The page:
The development with automated component tests (also known as automated unit tests - AUTs) enables an accelerated project approach. This is largely due to the following three properties of component tests:
- for the test execution no transport into the test system is required
- on the granularity of components, test design methods can be applied that enables complete test coverage
- it works with minimal simulation data and not with mass data of the system
What does a project flow look like in detail?
Requirement and test case creation
Any development must meet a requirement. In the SAP BW environment, these usually come from the business department. At the same time, a requirement must be matched by at least one automated test case. The associated test cases can be defined together with the business during or after the requirements have been given. The good thing is, the requirement already contains all information for the test case required - which behavior is expected for which initial situation, or expressed in abstract terms, which X of input values results in which Y of output values for the test object.
In cooperation with the department, a simple visualization (e.g. as a PowerPoint or Excel) is sufficient to summarize which values for a particular situation are given (the X ) and which result is expected in this case (the Y ), the expected value .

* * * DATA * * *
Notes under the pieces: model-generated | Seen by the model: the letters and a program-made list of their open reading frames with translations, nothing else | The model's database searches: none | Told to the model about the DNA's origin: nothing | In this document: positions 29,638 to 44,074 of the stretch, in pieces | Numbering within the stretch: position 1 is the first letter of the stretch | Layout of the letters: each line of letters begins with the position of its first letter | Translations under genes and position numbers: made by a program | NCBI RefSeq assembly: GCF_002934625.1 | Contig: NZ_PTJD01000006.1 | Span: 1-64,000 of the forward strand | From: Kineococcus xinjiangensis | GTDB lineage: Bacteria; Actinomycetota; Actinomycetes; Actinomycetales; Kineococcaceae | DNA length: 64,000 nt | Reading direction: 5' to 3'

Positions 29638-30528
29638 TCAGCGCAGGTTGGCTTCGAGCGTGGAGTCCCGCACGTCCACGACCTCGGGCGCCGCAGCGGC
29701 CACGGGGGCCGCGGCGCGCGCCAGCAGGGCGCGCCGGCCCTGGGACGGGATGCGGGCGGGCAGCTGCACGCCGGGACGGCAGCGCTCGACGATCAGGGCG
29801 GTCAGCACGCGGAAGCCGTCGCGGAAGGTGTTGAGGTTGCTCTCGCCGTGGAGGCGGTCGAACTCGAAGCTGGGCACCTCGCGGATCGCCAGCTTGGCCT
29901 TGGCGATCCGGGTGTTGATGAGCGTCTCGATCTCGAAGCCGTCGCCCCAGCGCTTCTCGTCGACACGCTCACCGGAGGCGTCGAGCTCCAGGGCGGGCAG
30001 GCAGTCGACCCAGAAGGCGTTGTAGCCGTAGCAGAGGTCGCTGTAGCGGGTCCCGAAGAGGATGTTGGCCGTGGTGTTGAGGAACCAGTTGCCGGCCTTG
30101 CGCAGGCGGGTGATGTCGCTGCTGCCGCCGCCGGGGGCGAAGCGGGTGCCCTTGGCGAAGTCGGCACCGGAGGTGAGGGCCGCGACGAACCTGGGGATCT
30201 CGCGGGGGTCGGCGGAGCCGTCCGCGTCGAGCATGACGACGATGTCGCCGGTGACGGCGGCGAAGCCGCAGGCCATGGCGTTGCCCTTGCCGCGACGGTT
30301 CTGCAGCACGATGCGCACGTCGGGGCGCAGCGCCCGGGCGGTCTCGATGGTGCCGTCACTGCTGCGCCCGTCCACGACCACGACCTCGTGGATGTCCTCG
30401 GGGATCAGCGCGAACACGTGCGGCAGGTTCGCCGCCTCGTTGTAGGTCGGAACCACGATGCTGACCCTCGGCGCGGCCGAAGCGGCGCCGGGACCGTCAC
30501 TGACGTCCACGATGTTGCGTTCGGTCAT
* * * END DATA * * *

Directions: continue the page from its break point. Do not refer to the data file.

“The test case definition together with the business immediately reveals gaps in the requirements or ambiguities.”xGile Testing
A defined Y must be stored for each X . That means a clear behaviour must be defined for any data constellation. If not, the business can't define the requirement properly and consequently will never be able to test or to approve it. Therefore, the business must be able to define and assess the expected behavior, because only the business can finally approve the requirements are meet by the implementation.
“The business department must be able to define expected values and test cases, otherwise it could not approve the developments.”xGile Testing
Experience has shown that this procedure is not a problem for the business department and the test case definition is progressing rapidly. In the end you will get full coverage of all requirements that can already be carried out on the development system.
“Requirements are test cases.”xGile Testing
Therefore, one can clearly say that using component test, requirements are test cases. Test cases, in turn, are bind to your test object (SUT - System Under Test). The automatic test cases and thus "executable" requirements directly describe the test object (BEx query, BW transformation, HANA object, etc.). This creates an "executable" Documentation - the best and most up-to-date you will ever get for a SAP object.
“Component tests are like executable documentation.”xGile Testing
In the event of later code changes, the component tests not only fully secure the adaptation, but also fully describe the SAP object and the logic it contains. Handovers between developers or a change in the business department are also secured. No technical understanding is required for this form of documentation.
Full test coverage